The biggest occasion in the Islamic calendar, the annual hajj pilgrimage, has become the latest global event to be jeopardised by coronavirus, with Saudi authorities advising travellers to making delay plans to visit Mecca in late July.
The last such closure took place more than 200 years ago.
“The kingdom of Saudi Arabia is prepared to secure the safety of all Muslims and nationals,” the Saudi hajj and umrah minister, Muhammad Saleh bin Taher Banten, told state television on Wednesday. “That’s why we have requested from all Muslims around the world to hold onto signing any agreements until we have a clear vision.”
Mecca and Medina, the two holy cities that are hubs of the pilgrimage, have both been closed to visitors for the past month, a step that was not taken during the 1918 flu pandemic.
Saudi officials have sealed the country’s borders to foreigners and imposed widespread restrictions on movement inside the kingdom, partly in the hope of eradicating the disease before the hajj.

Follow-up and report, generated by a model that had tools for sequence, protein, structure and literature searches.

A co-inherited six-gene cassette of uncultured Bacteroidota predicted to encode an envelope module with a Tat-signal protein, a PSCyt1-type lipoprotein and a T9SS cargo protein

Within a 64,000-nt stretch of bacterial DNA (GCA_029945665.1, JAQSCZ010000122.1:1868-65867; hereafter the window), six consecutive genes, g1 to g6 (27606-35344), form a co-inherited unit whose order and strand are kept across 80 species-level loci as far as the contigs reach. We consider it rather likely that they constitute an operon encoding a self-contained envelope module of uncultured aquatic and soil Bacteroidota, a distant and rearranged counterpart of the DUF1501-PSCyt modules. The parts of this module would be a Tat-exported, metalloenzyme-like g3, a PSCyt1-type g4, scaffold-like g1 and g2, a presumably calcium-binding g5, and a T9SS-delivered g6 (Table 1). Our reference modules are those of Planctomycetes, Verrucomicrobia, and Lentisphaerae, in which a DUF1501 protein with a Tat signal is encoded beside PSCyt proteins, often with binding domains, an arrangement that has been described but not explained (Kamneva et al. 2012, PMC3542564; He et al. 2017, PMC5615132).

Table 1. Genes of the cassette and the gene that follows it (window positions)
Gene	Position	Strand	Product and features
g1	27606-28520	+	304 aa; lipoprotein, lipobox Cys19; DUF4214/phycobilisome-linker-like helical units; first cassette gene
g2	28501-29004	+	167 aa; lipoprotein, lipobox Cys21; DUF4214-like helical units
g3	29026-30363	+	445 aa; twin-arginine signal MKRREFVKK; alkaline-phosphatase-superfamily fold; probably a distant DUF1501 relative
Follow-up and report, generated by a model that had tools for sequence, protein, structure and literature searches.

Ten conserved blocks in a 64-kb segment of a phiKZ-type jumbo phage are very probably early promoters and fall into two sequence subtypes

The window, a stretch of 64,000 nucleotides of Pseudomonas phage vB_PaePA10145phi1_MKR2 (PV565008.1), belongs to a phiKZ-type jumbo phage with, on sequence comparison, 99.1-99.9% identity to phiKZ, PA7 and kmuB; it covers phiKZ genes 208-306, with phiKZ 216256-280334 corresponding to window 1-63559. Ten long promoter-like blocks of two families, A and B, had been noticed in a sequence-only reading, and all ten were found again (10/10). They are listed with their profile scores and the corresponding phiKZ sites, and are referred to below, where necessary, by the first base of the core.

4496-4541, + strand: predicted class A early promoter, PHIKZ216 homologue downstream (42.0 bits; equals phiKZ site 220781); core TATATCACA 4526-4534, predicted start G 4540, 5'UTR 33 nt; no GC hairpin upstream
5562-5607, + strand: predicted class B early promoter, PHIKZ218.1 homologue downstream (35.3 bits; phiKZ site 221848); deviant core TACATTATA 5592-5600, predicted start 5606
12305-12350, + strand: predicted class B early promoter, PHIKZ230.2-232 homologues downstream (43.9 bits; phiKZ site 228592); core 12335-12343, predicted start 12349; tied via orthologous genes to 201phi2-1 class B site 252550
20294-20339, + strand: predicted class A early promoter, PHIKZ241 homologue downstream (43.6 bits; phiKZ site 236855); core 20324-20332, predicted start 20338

The country has recorded about 1,500 cases of coronavirus and 10 deaths. There have been almost 72,000 cases in the Middle East, many of which have stemmed from the region’s biggest outbreak, in the Iranian religious city of Qom.
The hajj, the annual timing of which is dictated by the lunar calendar, is last thought to have been cancelled in 1798. It has not gone ahead on about 40 other occasions because of disease and conflict. The looming cancellation this year has led some observers to suggest an end-of-days prophecy was drawing near.
The Islamic faith requires all able Muslims to perform the ritual once in their lifetime. It is seen as a purifying period in a worshipper’s life. Saudi Arabia draws much of its global legitimacy from protecting the two holy shrines and hosting the annual event, which draws up to 3 million pilgrims each year to the two sprawling sites in the south of the country.
In addition to the possible cancellation, the Tokyo Olympics, also scheduled for July, have been delayed by 12 months and an axe is hanging over this year’s Wimbledon tournament, which is set for late May. Formula One grands prix in Bahrain and Monaco have also been scrapped, while football competitions across Europe have been put on ice.